The average working age is increasing across the globe and as a result, employers should embrace the benefits of a more mature workforce, says recruiting experts Hays.
According to the World Health Organization (WHO), the number of people aged 60 and over is estimated to double to more than 2 billion by 2050. As the average age of populations across the globe increases, older workers will soon represent a greater proportion of the workforce and businesses must make sure they are utilising the skills of more mature workers.
“At the same time as the pool of available workers ages, businesses are continuing to struggle to secure the people they require in skill short areas,” notes Grant Torrens, regional director for Hays Singapore. “Businesses that retain the key talent and skills already within their organisation will therefore have a skills advantage over those who do not value the benefits of a workforce of diverse ages.
“In order to attract and retain these mature workers, businesses need a clear strategy in place for supporting and managing their ageing workforce.”
According to Hays, businesses need to devote greater time and investment into training and reskilling, while also modernising working practices to account for flexible working to support older workers more effectively. Hays offers the following advice to businesses on how they can encourage continued participation from older workers.
There is a misconception that younger workforces are more likely to cultivate innovation, however a Boston Consulting Group study of 1,700 companies in eight countries found that businesses with above-average total diversity on average scored 19 percentage points higher in innovation revenues.
“Many companies are focused on attracting younger talent but should equally think about more mature workers. In order to do so they need to remove any age bias that might exist – whether conscious or unconscious. While younger workers may have a greater understanding of new technologies, more mature workers can offer other skills which are just as important such as mentorship, judgement and experience,” said Grant.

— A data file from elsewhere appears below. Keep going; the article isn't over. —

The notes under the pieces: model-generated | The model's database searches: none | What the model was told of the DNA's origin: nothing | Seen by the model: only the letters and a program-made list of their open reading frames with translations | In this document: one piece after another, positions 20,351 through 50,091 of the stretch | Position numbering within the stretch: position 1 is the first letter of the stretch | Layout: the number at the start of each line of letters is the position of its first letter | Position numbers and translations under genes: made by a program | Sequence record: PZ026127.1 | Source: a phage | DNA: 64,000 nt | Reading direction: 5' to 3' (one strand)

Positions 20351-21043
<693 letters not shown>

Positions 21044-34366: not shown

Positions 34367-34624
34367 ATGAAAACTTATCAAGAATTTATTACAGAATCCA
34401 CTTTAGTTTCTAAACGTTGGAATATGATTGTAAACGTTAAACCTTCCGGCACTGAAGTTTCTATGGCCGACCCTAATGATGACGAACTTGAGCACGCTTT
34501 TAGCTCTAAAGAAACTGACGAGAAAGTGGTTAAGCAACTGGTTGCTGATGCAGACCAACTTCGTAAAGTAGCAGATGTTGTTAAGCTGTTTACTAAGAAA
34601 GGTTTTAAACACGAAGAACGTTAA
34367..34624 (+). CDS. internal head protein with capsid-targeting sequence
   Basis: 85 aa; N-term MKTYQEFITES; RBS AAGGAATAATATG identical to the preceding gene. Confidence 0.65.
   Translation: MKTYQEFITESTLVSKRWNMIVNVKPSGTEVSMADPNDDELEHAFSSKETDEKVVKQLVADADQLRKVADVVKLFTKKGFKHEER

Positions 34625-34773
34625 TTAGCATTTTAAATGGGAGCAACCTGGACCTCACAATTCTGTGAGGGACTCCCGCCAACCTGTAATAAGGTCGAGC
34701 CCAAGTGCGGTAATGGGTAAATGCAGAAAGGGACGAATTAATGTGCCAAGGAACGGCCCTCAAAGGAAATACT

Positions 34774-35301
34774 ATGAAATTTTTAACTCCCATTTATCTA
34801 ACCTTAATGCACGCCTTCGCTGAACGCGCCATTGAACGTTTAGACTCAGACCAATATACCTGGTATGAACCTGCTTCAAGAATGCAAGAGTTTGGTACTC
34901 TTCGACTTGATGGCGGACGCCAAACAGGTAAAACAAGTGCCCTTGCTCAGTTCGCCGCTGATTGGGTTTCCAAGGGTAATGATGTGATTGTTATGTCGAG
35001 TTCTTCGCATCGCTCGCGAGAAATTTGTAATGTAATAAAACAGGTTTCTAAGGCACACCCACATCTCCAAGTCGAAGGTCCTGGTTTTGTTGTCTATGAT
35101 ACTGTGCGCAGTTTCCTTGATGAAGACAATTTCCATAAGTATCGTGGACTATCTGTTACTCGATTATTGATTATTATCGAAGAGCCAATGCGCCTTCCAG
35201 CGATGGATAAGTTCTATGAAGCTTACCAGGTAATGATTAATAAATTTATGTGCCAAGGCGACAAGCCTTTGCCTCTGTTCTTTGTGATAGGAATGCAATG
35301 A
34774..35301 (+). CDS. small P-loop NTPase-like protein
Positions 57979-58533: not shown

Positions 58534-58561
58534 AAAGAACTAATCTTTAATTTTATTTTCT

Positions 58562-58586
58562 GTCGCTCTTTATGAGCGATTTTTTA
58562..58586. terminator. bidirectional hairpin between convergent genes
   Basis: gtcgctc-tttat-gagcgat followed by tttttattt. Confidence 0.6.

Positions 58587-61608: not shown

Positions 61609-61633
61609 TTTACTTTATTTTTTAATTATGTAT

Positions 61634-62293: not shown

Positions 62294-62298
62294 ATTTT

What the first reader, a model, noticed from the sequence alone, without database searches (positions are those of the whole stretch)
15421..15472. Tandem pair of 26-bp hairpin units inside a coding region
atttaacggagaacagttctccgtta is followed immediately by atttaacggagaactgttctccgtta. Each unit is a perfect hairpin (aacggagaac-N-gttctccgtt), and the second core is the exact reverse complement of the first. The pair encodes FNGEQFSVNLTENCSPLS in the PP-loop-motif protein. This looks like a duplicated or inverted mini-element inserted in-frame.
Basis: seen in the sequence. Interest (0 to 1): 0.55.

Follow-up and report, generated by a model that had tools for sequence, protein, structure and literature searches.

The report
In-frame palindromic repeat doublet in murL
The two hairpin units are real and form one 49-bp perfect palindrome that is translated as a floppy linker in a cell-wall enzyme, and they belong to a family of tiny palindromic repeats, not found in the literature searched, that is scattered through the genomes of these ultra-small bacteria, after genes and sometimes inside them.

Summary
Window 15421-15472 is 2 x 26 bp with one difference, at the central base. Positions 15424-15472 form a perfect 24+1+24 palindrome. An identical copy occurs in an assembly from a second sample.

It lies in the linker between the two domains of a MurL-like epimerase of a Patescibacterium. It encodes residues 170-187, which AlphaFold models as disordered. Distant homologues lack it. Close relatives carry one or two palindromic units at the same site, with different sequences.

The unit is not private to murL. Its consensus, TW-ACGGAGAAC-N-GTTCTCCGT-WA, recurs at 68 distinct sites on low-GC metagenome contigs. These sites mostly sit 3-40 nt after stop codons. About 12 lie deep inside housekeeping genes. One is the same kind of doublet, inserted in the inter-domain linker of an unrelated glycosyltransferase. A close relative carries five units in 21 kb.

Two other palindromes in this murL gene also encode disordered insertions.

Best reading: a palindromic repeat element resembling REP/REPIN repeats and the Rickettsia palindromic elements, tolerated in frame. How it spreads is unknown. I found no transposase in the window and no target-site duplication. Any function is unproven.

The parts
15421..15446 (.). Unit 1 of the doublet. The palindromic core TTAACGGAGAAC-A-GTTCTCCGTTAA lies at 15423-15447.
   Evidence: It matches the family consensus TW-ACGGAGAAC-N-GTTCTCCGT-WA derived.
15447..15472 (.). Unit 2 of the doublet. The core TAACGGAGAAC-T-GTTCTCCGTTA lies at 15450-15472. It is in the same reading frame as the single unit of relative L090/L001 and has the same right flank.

Hays CEO, Alistair Cox, recently stated in his LinkedIn Influencer blog the value mature workers can bring to the workplace, “Older workers bring a huge amount of knowledge and wisdom to a business, at a level which simply cannot be taught but is gained only via experience.”
Mature workers make good mentors to younger members of the workforce. Today’s workforce will soon be made up of five different generations. This provides a unique opportunity for businesses to facilitate the efficient transfer of knowledge from older, more experienced workers to their junior colleagues.
“The knowledge and experience older workers can share with a workplace is invaluable,” says Grant. “Businesses can also consider two-way mentorship, whereby younger staff are provided with tutelage from senior colleagues in return for support in understanding and using new technologies, for example. This ensures that not only are more mature workers imparting their knowledge, but no one is left behind as the workplace becomes increasingly digitalised and complex.”